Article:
I remember almost being run over by a silent camel as I lay on the cooling desert floor by the shore of the Red Sea watching towards the jebels for danger, but failing to hear or see the rider coming from my left in the twilight’s dim, and I recall how still and silent I lay until rider and steed were no more than a dark patch in the Cimmerian curtain of night and I could breathe again.

I remember the boys who did not return with the dawn after being on patrol at the filtration plants, or who were sent to guard the water pipelines that brought life to our parched lives.

I remember those decapitated by piano wire stretched taut across the roadways.

I remember small Arab children smiling at the troops who waved to them as they passed through their villages being pulled indoors by frightened parents.

I remember Moses Nicolai, the camp barber at Dekhelia, and the time I was a ‘cumpari,’ a best man, at the wedding of a Greek friend in Pyla village.

I remember Uncle Arthur, an ageing homosexual with Siamese cats who invited young soldiers to his home, ‘Ripon House,’ in Larnaca.

I remember these and many others because I was there! But even as I remember, I have been forgotten. Perhaps my service records are lost down the back of one of the thousands of cabinets that hold the lives and doings of old soldiers in far-off years, and in distant places, in their fusty viscera.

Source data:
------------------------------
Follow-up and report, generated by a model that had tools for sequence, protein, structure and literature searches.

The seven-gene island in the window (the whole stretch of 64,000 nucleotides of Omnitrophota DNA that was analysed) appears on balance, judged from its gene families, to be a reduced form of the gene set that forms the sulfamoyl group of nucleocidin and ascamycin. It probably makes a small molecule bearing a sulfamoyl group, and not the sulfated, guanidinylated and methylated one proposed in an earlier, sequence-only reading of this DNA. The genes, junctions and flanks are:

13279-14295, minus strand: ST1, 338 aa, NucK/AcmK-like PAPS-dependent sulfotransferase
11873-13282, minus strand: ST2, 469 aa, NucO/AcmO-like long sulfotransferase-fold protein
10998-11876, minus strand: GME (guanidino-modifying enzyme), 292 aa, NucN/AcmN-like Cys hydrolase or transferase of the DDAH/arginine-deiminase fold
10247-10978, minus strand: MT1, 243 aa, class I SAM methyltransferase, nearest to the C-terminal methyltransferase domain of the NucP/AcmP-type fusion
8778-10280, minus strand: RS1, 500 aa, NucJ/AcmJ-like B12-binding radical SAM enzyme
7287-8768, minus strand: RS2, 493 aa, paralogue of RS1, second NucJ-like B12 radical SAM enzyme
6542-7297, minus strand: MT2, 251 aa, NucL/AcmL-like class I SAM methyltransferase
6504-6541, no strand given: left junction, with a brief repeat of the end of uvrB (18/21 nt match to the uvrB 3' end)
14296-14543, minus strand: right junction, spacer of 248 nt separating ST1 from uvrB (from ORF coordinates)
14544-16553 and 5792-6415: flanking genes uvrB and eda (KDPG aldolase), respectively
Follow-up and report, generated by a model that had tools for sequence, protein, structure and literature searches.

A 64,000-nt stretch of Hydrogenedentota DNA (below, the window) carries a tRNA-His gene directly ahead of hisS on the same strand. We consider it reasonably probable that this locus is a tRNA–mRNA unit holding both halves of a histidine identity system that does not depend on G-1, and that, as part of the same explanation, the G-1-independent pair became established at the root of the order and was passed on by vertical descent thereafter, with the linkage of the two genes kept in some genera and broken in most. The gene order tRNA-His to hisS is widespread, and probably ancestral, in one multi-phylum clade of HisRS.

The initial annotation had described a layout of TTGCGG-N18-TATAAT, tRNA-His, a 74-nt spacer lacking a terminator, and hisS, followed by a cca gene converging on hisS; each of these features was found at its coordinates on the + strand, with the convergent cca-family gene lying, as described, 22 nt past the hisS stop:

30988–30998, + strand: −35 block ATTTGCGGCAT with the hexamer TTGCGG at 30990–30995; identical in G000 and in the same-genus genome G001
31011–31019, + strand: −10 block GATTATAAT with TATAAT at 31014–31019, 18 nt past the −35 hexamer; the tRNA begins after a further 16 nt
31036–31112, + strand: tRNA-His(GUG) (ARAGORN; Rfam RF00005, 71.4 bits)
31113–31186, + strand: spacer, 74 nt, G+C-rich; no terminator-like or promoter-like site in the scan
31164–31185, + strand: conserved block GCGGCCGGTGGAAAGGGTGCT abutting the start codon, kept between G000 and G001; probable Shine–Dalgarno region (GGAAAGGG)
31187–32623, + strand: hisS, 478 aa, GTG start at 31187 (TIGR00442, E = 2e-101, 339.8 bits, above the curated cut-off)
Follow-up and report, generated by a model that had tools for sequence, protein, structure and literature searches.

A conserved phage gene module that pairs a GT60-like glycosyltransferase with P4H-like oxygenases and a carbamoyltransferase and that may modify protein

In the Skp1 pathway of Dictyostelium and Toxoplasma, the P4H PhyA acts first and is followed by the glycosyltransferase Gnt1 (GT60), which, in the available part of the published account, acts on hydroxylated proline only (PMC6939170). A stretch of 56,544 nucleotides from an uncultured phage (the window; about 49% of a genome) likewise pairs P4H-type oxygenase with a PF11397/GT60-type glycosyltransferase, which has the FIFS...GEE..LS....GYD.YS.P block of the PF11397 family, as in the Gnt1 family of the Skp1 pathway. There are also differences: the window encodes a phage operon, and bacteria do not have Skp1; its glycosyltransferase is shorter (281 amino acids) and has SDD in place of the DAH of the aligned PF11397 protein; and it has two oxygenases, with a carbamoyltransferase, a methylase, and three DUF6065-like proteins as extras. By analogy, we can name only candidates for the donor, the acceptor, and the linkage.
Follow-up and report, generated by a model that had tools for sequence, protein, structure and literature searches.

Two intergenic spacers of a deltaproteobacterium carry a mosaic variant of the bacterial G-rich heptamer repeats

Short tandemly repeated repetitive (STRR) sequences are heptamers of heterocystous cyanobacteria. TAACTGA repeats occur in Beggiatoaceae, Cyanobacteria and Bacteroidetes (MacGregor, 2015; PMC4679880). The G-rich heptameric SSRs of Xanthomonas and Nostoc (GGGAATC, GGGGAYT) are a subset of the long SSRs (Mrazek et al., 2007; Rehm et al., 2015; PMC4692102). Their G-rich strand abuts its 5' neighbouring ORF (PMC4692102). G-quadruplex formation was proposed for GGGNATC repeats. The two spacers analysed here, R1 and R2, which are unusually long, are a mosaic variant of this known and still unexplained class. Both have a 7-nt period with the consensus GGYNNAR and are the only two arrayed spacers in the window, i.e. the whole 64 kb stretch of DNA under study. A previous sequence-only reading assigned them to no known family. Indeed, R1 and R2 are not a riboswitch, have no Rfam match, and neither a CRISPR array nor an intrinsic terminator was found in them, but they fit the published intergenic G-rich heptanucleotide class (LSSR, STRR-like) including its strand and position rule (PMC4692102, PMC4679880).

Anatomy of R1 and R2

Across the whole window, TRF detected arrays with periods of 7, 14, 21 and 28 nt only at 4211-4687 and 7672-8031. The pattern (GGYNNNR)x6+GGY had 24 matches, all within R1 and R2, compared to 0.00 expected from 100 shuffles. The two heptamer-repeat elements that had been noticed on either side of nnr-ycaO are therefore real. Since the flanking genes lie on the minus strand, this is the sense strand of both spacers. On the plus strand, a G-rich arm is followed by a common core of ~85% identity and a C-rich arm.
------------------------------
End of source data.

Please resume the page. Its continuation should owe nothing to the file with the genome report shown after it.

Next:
We old soldiers cannot tell all that we know of those years, nor even all that we remember. We cannot share all that we did in those places.

We didn’t question our reasons for being until we grew a little older and more contemplative, having abandoned "the hours of careless youth," if we were of the number blessed to return and grow older.

I do not ask for much for my contribution was very small. But I would like my medals so that my children can remember what the nation has been forced by official negligence to forget! My discharge books were lost many years ago, and careless hands shovelled my ordinary paybook into the dustbin in the long ago, along with other treasures.

The medals, cheap things of no real worth, would at least provide me with some validation for the time I spent in strange places, doing strange things, among some interesting and exotic people, many of whom became my friends, and many of whom will now be dust in the dust, but who will only really die when no one remembers them any more.